Yet another public salvo fired by Gov. Phil Murphy in the ongoing political battle over a bill that extends controversial New Jersey corporate tax credit programs for seven months.
Murphy again called the EDA’s system “rigged” after a special task force found evidence of hundreds of millions of dollars in poorly-managed grants, an error-plagued application process and potential fraud.
“The Legislature sent me a short-sighted bill to extend these programs as-is, as if these shortcomings can somehow be ignored. To the surprise of absolutely no one, I will veto this bill. Period,” Murphy said. “I’m not on the side of a broken and rigged system designed by special interests.”
But he hasn’t vetoed it yet. The measure passed with more than enough votes to override a Murphy veto and Senate President Steve Sweeney claimed the state needed tax incentives to attract business. So the governor’s waiting, hoping to negotiate a compromise with lawmakers over both the tax credit program and the state budget — both with June 30 deadlines. But the budget lawmakers sent him remains unacceptable to Murphy. He’s threatened line-item vetoes.
“We are not there in terms of our ability to button down their revenues and my being able to certify those revenues. We bemoan some of the cuts I mentioned, community colleges,” Murphy said.
Murphy held a news conference at NJIT’s Makerspace — the kind of innovative space he wants to foster with a new round of capped, tax credit programs targeting smaller startups and incubators, in addition to established corporations. That effort got caught in the political crossfire of Murphy’s special EDA task force, which focused on millions of dollars in credits awarded to businesses tied to South Jersey political kingmaker George Norcross, a close friend of Sweeney. Norcross is suing to stop the probe but lost a court fight to block release of a damning task force report. The task force will meet again and take public testimony July 9.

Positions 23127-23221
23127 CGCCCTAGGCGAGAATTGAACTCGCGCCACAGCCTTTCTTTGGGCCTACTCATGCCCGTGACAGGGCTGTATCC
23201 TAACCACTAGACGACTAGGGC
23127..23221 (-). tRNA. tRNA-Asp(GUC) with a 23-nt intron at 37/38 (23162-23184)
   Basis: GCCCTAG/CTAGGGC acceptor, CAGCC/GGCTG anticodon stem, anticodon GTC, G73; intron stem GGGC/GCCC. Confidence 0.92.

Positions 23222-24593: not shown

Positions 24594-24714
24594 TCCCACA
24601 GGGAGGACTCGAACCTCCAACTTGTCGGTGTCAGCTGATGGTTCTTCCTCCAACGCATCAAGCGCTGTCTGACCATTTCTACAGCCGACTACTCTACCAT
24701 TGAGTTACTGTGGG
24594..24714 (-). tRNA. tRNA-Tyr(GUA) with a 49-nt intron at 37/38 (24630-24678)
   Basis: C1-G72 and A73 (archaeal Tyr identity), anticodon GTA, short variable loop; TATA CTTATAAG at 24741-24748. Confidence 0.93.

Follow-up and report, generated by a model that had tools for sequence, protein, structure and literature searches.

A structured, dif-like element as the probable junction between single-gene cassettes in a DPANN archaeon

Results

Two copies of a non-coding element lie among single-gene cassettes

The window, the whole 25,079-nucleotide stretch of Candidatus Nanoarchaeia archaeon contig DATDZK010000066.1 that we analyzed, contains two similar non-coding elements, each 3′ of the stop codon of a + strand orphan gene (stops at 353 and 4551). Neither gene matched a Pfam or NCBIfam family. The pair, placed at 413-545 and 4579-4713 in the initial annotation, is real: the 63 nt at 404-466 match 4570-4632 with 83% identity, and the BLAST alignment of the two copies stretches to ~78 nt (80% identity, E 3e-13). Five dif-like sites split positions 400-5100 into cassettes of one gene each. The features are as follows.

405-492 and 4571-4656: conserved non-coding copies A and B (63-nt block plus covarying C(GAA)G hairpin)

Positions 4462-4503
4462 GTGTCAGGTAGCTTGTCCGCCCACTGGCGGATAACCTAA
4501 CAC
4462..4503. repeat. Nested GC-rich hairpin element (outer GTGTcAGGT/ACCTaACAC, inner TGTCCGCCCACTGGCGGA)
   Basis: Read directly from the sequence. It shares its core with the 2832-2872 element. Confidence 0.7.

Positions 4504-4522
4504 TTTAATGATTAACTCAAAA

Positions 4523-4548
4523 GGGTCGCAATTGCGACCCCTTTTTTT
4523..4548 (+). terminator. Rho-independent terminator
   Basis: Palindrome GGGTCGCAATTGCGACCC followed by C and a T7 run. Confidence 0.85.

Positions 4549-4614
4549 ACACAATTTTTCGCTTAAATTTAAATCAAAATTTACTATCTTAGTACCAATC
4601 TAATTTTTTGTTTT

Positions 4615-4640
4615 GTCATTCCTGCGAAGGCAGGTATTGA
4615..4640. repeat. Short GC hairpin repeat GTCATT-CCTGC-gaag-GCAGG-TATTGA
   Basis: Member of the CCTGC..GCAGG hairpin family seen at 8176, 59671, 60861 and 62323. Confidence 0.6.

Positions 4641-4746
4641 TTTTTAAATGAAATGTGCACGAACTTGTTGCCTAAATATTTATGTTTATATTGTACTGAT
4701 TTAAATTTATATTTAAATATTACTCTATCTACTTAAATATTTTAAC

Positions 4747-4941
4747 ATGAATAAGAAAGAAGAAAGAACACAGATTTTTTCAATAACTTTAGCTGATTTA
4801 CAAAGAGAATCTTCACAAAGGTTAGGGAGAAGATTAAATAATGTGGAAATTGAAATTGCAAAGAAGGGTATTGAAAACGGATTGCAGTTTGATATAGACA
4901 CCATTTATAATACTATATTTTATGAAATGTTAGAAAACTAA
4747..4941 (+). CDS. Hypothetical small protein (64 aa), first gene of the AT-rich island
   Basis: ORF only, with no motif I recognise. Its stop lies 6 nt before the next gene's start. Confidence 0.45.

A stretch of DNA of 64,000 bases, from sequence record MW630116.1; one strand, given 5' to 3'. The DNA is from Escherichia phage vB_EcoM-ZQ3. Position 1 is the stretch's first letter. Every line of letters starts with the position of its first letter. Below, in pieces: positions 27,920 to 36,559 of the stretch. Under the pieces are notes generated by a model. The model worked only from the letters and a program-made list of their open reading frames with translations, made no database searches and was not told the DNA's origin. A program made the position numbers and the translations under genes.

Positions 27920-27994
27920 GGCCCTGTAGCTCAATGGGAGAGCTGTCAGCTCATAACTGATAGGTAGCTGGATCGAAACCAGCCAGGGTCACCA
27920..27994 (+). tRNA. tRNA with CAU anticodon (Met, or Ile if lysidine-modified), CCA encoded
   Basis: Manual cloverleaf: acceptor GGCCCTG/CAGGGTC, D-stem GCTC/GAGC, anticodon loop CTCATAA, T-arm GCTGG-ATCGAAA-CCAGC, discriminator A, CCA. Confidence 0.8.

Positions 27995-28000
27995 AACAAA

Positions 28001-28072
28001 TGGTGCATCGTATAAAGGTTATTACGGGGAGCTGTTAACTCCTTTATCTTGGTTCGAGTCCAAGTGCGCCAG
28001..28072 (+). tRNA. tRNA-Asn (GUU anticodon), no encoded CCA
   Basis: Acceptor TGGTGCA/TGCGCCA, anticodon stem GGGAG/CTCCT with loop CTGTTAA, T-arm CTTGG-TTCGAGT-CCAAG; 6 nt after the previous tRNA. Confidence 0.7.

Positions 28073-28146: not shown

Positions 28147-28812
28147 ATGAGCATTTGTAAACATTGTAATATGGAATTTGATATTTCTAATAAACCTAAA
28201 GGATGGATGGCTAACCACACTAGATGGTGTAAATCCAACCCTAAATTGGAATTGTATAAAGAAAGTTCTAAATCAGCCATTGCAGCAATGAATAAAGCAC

“We are at a time in our state when everything seems to be going wrong and everything, some people knew that was going on, is finally coming out,” said former governor and Sen. Dick Codey, who voted against the tax incentive extension. “The ‘E’ in EDA should be changed to ‘everyone’ because the program before you came was not for everyone, it was for the special few, and that’s wrong. It should be for all of us. All of us.”
Are Murphy and lawmakers talking? Sweeney had no comment.
“Oh, yeah, we’re back and forth. Our teams in particular are back and forth. We’re talking both privately and publicly. We have a whole range of options that we’re considering and we have a fair amount of clock left. So to be determined,” Murphy said.
While negotiations with staffers may be underway, the principals have no meetings scheduled. Instead, they message each other with press conferences.